As a school we had the privilege of collaborating with a number of schools in an Australian Institute for Teaching and School Leadership (AITSL) program called LearningFrontiers which was a collection of schools who shared an interest in increasing school engagement coming together to form clusters in five cities across the country (Adelaide, Sydney, Brisbane, Melbourne and Canberra). Working alongside leaders across sectors and states, these hubs set about finding and designing new ways to engage students in learning. During one such session, we worked with Aaron Tait and Dave Faulkner from Education Changemakers. What came out of this program for us was the introduction of the Academies of Excellence.
The Academies of Excellence program has allowed us not only to focus on the strengths of our local community and environment, but it has also allowed us to forge forward in several areas that would not be possible in the mainstream educational ‘factories’, as articulated by Sir Ken Robinson. Having vertical classes, with students in Years 7-12 working on common and individual projects, is something new in education; few schools are doing this. The Academies of Excellence program does not treat all students as ‘batches based on their year of birth’, but rather as authentic co-creators of learning and knowledge with their peers and their mentors. That’s a fundamental premise of the personalisation and individual learning experiences at our school. A student’s year group does not define them as a learner.
So, what about improvement? What improvements have occurred at SMGS in recent times?
I think the single biggest improvement has been the acceptance that education is a dynamic journey and one that is constantly needing professionals to be adapting and improving what they do in their classrooms and in their practice. There is an adage that ‘no school can rise above its staff room’ and that is not wrong at all. The collective expertise in our staff room continues to improve and increase as our staff come together as a community of professionals. Our staff are always looking for ways to improve not only their teaching skills but their content knowledge, in new and exciting ways.
So much of our improvement is building upon what we already had. That’s not to say that what we had, or once were, was not good, but rather it acknowledges that improvement is about the evolution of people, processes and products. Improved policies, improved systems and improved educational outcomes have been a cornerstone of the last five years. Constant refinement and improvements have taken place and we have now become a place where the topic is not about change, but about improvement. Conversations are centred on how can we improve something, rather than change something. Our culture has improved as a result.
A key characteristic for our school is about ensuring that our improvements are not about short-term gains or deceptive market differentiation. Our improvements are about the importance of providing a positive educational journey for all our learners, including our staff. We are not focused on temporary improvement, but sustained improvement that has a positive impact on the educational experience of our community of learners. That means that sometimes hard decisions are made, but those decisions have a clear ‘how’ and ‘why’. These are the two fundamental questions that should be asked of any leader with an improvement agenda.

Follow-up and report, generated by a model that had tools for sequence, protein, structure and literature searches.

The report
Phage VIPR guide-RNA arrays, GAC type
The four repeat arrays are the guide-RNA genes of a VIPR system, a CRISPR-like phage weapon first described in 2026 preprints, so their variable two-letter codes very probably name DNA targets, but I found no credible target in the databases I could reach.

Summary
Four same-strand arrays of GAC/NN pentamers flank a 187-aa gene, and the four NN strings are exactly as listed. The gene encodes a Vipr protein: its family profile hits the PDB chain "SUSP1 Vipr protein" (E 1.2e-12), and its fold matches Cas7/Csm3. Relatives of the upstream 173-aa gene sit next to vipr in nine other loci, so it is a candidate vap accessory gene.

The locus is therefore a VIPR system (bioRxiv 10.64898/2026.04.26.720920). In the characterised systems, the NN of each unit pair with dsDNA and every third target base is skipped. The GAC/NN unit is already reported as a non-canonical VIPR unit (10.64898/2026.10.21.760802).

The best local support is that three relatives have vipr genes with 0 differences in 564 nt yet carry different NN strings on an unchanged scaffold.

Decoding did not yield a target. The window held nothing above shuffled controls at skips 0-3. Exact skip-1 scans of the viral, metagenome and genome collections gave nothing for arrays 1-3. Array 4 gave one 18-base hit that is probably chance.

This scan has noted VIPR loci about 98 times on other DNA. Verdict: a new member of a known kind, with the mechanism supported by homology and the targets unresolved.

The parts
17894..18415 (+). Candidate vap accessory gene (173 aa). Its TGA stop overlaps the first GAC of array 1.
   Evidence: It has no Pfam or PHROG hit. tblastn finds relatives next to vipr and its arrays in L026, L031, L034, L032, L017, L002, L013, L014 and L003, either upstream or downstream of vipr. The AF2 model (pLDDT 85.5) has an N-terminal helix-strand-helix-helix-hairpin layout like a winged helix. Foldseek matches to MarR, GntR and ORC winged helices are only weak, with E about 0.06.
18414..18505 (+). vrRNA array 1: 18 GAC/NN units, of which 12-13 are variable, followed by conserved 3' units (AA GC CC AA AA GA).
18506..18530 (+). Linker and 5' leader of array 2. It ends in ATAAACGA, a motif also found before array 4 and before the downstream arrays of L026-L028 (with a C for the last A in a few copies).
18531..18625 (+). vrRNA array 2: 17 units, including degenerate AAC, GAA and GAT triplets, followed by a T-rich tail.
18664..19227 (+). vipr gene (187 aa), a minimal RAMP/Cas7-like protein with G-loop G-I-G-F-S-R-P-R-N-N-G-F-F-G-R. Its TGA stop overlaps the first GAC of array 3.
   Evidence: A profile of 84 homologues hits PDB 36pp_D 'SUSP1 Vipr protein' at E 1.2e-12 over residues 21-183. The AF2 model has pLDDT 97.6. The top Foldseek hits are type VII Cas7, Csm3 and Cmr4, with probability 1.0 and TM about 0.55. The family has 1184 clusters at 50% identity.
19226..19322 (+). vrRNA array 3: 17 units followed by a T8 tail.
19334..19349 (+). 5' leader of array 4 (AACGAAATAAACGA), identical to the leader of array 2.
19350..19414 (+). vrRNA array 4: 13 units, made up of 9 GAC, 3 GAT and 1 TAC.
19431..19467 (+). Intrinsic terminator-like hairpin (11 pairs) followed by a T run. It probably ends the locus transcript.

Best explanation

So, we are left with the original intent of this article, a discussion about innovation.
To me, innovation is about the ‘value-added’ aspect of education. It is about what we offer that is of great worth to our community of leaners, to our stakeholders and to our wider profession. It’s about overcoming the inefficiencies and ineffectiveness of the educational journey and it is often measured by culture, attitudes and beliefs rather than on a quantitative scale. Innovation is more than just a tangible outcome, it’s about the people within an organisation.
Educational innovation is about providing new features in the educational experience and in reconceptualising what we already have. It’s about being not just problem-identifiers, but problem-solvers, with a focus on people, products and processes. It’s about the successful conversion of new concepts and knowledge into new ways of being or doing.
It’s fair to say that most innovations will be improvements but not all improvements will be innovations. In simple terms, innovation is about doing things differently, whereas improvement is doing things better.
The journey for the past five years has been about innovating our school by finding different ways to do things that will lead to improvement. The most fundamental aspect has been innovating our curriculum and assisting each student to reach their academic potential. Our learning culture has improved because we are delivering education differently; our students are more actively engaged in their learning because we are delivering our education differently; and we have challenged the traditional model of teaching by using our own experiences during these innovations to gain new knowledge and to further refine and find ways of doing what we do even better and in new ways.
We are looking forward to continuing our growth as a community of learners and as a profession committed to providing the best educational journey for our students. We will continue to invent, improve and innovate to provide an outstanding schooling experience for your child.
So, next time you read or hear about innovation, consider it carefully. Is it is really innovation?